Drug Addiction – Deceptive, Dangerous, and Deadly.
I thought I had it all, but really, I had nothing. Addiction will deceive you like that – you feel on top of the world, but really, you’re so buried beneath the shame at rock bottom that it becomes your existence. When your whole life is drug addiction, it’s easy to forget that before this, there was more.
How Does An Addict Realize They Have A Problem?
The biggest and most difficult part of going clean was realizing that I had a drug problem. How do you know you have a problem? The answer to that is subjective, but there are a number of red flags for a drug user and their friends or families to watch out for.
- Inability to work or socialize as effectively without drugs
- Anxiety, depression, mood swings
- Withdrawal symptoms between uses
- Prioritizing getting high before school, work, or family
- Money ‘disappearing’ from your wallet and bank account
Without self-awareness, though, these problem symptoms will never be apparent to the addict. I’d lost my friends and my home to my heroin addiction… and still thought I was doing okay. I had grown accustomed to the anxiety, withdrawals, and my lethargy on days between uses – it was who I was, and I forgot that I’d been anything else before. It was when I lost my girlfriend when I was stuck with nothing but myself and my dopesick depression, that I realized I wasn’t the person I’d been before.
Finding Alternatives To Avoid Going Completely Sober
I’d played with the idea of going clean. Is weaning off drugs effective? Can an addict become a casual user of drugs? The answer to these questions, as much as I denied it for so many years, was no. What’s the difference between recreational drug users and addicts? Addicts can’t use drugs casually. Simple, but I found out the hard way.
I spent almost a year trying to find ways that I could successfully use heroin in moderation. That’s a pipe dream – no pun intended – that most addicts entertained. Accepting the need to be completely abstinent is why many addicts struggle to go clean – it’s much easier to make an excuse to keep using than own up to their guilt. Why do I have a problem? How can I accept responsibility for my heroin addiction? How can I accept the damage I’ve done to my friends? I always pushed these questions to the back of my head, but as my life fell apart and I found myself homeless, friendless, and loveless, I came to truly accept that it was all-or-nothing. I had become a destructive force in my life and the lives of others, and I had to smarten up.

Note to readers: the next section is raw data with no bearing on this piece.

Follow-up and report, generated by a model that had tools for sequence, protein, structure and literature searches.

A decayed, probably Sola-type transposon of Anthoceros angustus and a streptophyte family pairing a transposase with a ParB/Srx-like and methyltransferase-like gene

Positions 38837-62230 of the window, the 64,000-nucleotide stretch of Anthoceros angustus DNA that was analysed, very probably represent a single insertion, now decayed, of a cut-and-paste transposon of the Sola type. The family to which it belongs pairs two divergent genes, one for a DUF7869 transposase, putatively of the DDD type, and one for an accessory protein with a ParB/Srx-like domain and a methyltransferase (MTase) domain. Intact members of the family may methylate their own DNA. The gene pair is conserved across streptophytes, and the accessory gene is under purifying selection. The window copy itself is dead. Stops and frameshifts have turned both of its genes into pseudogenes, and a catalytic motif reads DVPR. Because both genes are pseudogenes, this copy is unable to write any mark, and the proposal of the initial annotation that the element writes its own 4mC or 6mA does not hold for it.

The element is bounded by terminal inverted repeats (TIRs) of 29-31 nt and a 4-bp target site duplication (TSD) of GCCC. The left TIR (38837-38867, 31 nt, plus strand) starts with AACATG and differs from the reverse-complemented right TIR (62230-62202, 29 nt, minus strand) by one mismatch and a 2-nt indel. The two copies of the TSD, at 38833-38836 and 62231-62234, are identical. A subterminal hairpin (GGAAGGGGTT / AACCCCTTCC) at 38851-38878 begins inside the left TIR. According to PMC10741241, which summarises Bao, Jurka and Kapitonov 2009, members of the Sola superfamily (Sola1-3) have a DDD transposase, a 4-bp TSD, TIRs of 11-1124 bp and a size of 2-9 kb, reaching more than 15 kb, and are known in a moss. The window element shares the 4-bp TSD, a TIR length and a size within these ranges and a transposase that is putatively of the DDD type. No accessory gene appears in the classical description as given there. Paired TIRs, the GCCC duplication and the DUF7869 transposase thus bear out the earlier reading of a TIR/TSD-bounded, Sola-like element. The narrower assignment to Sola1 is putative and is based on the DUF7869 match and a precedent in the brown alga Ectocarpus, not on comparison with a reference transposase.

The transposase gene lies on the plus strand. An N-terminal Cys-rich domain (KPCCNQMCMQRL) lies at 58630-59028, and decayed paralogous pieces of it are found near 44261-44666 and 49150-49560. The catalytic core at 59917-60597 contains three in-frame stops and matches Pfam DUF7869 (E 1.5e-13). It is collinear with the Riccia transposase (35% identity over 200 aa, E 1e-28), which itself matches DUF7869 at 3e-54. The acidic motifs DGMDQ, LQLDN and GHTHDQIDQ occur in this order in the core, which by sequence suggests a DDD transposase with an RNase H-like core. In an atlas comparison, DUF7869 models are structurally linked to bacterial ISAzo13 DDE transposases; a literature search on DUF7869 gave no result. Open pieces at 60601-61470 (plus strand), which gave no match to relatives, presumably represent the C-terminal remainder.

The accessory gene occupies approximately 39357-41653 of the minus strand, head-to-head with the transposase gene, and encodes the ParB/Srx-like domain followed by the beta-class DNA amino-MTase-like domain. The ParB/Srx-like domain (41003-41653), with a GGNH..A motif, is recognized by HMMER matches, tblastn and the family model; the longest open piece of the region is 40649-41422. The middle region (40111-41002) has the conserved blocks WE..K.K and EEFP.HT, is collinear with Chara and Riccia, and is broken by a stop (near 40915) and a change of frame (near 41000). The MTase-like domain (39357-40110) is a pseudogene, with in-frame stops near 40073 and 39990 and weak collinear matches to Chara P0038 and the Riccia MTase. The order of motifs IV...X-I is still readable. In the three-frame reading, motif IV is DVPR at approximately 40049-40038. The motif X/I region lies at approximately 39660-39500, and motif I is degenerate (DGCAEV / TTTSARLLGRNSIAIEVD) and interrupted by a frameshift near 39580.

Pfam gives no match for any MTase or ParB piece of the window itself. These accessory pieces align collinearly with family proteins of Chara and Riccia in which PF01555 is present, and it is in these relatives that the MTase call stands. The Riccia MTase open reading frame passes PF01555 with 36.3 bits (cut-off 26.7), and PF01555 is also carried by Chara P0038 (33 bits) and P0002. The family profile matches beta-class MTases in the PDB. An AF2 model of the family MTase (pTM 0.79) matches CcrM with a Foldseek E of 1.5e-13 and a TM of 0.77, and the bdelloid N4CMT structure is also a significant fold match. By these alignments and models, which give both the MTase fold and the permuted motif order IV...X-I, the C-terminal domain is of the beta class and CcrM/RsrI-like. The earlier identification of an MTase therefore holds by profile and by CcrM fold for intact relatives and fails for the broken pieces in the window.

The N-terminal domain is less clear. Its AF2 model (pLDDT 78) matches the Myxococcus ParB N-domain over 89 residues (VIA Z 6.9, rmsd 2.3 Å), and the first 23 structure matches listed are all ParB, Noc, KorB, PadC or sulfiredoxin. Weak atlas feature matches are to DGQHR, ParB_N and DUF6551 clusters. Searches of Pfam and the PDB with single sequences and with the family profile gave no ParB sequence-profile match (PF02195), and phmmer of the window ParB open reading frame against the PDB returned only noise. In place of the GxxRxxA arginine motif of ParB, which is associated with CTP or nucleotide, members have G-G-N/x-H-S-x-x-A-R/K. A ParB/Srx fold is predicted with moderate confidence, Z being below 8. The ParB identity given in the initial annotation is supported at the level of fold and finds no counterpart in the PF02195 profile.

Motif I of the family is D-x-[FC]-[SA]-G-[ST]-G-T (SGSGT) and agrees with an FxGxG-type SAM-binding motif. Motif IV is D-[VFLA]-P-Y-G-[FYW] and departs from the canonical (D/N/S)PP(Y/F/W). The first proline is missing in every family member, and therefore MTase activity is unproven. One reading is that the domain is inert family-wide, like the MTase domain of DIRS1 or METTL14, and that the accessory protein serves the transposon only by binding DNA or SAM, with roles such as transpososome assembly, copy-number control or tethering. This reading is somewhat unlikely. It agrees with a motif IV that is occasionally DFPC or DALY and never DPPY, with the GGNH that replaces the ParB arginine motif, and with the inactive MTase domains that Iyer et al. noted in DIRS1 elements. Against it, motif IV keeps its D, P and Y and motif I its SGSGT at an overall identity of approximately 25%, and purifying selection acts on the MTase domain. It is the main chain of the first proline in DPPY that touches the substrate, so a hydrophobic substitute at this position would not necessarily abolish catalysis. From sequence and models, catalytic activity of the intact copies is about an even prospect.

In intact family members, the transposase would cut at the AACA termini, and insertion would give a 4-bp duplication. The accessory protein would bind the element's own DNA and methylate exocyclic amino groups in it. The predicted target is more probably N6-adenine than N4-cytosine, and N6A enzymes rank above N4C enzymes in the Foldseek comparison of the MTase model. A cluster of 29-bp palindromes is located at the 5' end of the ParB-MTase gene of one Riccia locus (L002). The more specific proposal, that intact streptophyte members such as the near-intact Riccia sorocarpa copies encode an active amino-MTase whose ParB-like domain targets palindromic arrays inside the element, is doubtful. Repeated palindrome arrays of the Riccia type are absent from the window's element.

The Struggle Of Detox And Self-Acceptance
To get my life back, I had to go clean. This was a huge lifestyle change – sobriety and abstinence had to become my standard when for years, my standard was scoring dope and being sick. It sounds easy to change, but bad habits die hard – and I had to completely dump drugs off my routine. I was shedding, in essence, everything I had become.
Detox is no easy process. Detox takes a lot of sacrifices. Detox is rebuilding your entire lifestyle from the ground up, and that change takes a lot of strength.
To end my dependency, I had to isolate myself completely. By a stroke of good luck, my family still supported me after my years of miscreant deception – other folks I would have to rely on. Once I was evicted, I spent a week at my mom’s – a city away from all my contacts (though the urge to simply hitch-hike back to town and crawl to one of my dealers was persuasive.) I identified my triggers for using, and I surrounded myself with care and love. These three things – and, most importantly, admitting that I was an addict – were crucial for curing my drug addiction.
To ease the pain of withdrawal, I used a couple of tools – mainly:
- Multivitamins to restore nutrient depletion
- Pepto Bismol for nausea
- A huge bucket by my bedside for… you know.
Even with a detox kit, some people find the process so rough that they need a medicated treatment regime. Experiencing withdrawal is enough for one to know that they never want to experience it again, and – in a paradoxical sense – it was the pain of the experience that I clung to in order to stick it through.
Abstinence – It’s All-Or-Nothing
The most important thing for an addict hoping to recover is that they accept their problem and that they have a desire to heal. No matter the distance they put between themselves and drugs, and no matter how many times they delete their dealer’s numbers, without self-acceptance and a need to recover, they will always slip back into usage. Accepting a dependency, and seeing the damage it does, will ultimately lead to the desire to detox. Armed with the right mindset, a drug addict preparing for rehabilitation is ready to sacrifice everything that they’ve become like an addict.
It’s all-or-nothing, and that’s the final straw. A junkie can try many times to go sober, but without the sacrifice of the self-identity, they’ve adopted with their lifestyle, and the determination to change who they are as a person – whose efforts will be wasted.